Creativity & Computation: Javascript Final – 2nd Iteration

My past iteration of this project involved loading a custom google map using the Google Maps API and using vanilla javascript and jQuery to format/interact with the information.

I was able to successfully load a google map through the api as well as create an array to house custom data points.

For the next iteration of my project, my goal was to start working with data from the NYC Open Data portal, or other similar public datasets. Many of these datasets are available in multiple formats for inclusion with Google Maps, JSON, GeoJSON, KML etc.

I tried several times to load in GeoJSON items using the loadJSON function, but I was unsuccessful in loading either locally hosted or remote files. I think there may be a need to use node.js or something similar to load the items server-side, but I was unable to figure this out. There is also an issue with something called CORS enabled websites. See picture below for what this means. I ran into this problem when trying to directly load JSON from the NYC Open Data pages since they do NOT support this right now.

Screen Shot 2015-09-29 at 7.23.23 PM

In the end, I decided to simplify and start from the beginning to get something working with this. I was able to import data from a GeoJSON file directly into my javascript, and then to access the information using javascript functions, as reflected in this iteration. This is how it SHOULD work when just loading the information through the loadJSON function.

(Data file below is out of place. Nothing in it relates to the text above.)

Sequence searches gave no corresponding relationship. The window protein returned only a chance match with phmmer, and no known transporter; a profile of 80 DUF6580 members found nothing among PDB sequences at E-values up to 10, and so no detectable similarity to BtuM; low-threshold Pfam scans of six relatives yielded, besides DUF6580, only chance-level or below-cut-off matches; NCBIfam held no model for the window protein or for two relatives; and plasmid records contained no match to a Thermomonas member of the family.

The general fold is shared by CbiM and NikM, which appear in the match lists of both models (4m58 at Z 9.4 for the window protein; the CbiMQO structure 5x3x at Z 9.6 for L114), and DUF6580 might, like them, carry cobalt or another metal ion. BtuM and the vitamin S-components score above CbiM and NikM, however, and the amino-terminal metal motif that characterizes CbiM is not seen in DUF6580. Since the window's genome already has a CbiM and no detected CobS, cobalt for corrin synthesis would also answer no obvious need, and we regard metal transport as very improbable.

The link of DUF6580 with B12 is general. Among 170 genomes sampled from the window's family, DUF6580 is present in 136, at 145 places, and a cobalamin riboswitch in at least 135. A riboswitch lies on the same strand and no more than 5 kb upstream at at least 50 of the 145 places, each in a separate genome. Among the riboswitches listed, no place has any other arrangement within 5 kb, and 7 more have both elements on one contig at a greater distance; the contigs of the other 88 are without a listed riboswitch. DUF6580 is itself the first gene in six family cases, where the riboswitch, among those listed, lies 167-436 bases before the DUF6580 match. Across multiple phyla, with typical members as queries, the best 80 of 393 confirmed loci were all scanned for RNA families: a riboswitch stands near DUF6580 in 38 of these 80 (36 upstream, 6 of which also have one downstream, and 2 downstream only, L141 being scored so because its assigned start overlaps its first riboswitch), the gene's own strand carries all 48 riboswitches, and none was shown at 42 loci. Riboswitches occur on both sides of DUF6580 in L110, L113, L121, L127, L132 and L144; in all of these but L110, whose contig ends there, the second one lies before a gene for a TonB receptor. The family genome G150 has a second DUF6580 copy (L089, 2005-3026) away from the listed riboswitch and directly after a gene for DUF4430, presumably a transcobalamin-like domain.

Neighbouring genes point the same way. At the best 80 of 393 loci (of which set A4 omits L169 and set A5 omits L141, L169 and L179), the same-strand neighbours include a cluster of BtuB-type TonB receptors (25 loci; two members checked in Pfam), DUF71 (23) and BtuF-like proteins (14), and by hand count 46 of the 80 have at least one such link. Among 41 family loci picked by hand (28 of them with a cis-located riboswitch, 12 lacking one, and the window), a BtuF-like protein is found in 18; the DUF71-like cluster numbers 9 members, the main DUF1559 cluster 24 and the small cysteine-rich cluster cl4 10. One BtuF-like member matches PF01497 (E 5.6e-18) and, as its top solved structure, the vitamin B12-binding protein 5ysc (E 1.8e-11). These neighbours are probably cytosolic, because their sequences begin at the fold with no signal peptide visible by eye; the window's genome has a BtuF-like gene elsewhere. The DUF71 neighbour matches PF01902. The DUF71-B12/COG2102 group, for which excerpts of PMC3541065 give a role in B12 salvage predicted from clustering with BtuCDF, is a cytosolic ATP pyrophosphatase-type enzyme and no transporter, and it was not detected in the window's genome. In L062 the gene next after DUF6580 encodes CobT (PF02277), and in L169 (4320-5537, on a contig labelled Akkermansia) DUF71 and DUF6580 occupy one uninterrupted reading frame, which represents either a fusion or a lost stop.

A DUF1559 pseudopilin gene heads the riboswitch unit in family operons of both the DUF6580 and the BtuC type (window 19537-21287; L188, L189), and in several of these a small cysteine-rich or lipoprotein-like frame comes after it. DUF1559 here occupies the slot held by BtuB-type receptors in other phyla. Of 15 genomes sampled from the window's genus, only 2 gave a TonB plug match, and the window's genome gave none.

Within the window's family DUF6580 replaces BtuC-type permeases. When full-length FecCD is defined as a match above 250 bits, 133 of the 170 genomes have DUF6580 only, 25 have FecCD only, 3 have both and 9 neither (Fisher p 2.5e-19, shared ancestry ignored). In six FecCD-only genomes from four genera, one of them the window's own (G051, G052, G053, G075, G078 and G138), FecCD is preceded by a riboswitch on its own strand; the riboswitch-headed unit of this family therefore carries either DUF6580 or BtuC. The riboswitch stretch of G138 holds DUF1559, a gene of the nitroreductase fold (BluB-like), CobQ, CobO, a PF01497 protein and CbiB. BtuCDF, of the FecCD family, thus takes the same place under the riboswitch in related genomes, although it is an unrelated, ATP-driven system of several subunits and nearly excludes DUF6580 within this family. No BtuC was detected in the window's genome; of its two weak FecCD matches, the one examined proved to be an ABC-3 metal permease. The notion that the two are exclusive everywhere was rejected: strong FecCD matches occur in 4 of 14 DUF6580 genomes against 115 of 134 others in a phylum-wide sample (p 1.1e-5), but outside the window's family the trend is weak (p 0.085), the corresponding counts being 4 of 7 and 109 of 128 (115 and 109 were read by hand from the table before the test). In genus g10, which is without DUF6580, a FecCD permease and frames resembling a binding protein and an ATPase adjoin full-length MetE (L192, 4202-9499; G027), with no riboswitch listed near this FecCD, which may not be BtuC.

For my final, I would like to try to create a heatmap of WiFI hotspots around NYC and plot them against information about annual average income. There has been talk that communities that are more “disadvantaged” are not benefiting from civic investments in technology infrastructure. I want to see if this is true in some way, and if so, to be able to show this divide in a compelling manner.

If I can manage to do this, my stretch goal will be do create a few other maps similar to this that explore relations between things like:

  • # Police Precincts vs. Median Income
  • 311 Complaints vs. Median Income

For my next iteration, I will try to use a free online tool I found that can convert .CSV files into GeoJSON files, and will manually dump this converted data into the javascript itself. Then I will build a heatmap layer using Google Maps API to show the density of the points in specific areas.

I will then do the same thing using data from the American Community Survey (part of the US census) to draw polygon/shape files of the income distributions per census tract. This should allow us to see if it is true that Wifi hotspots are indeed more prolific in high-income areas than low-income ones.

Check out the video of my second iteration below:

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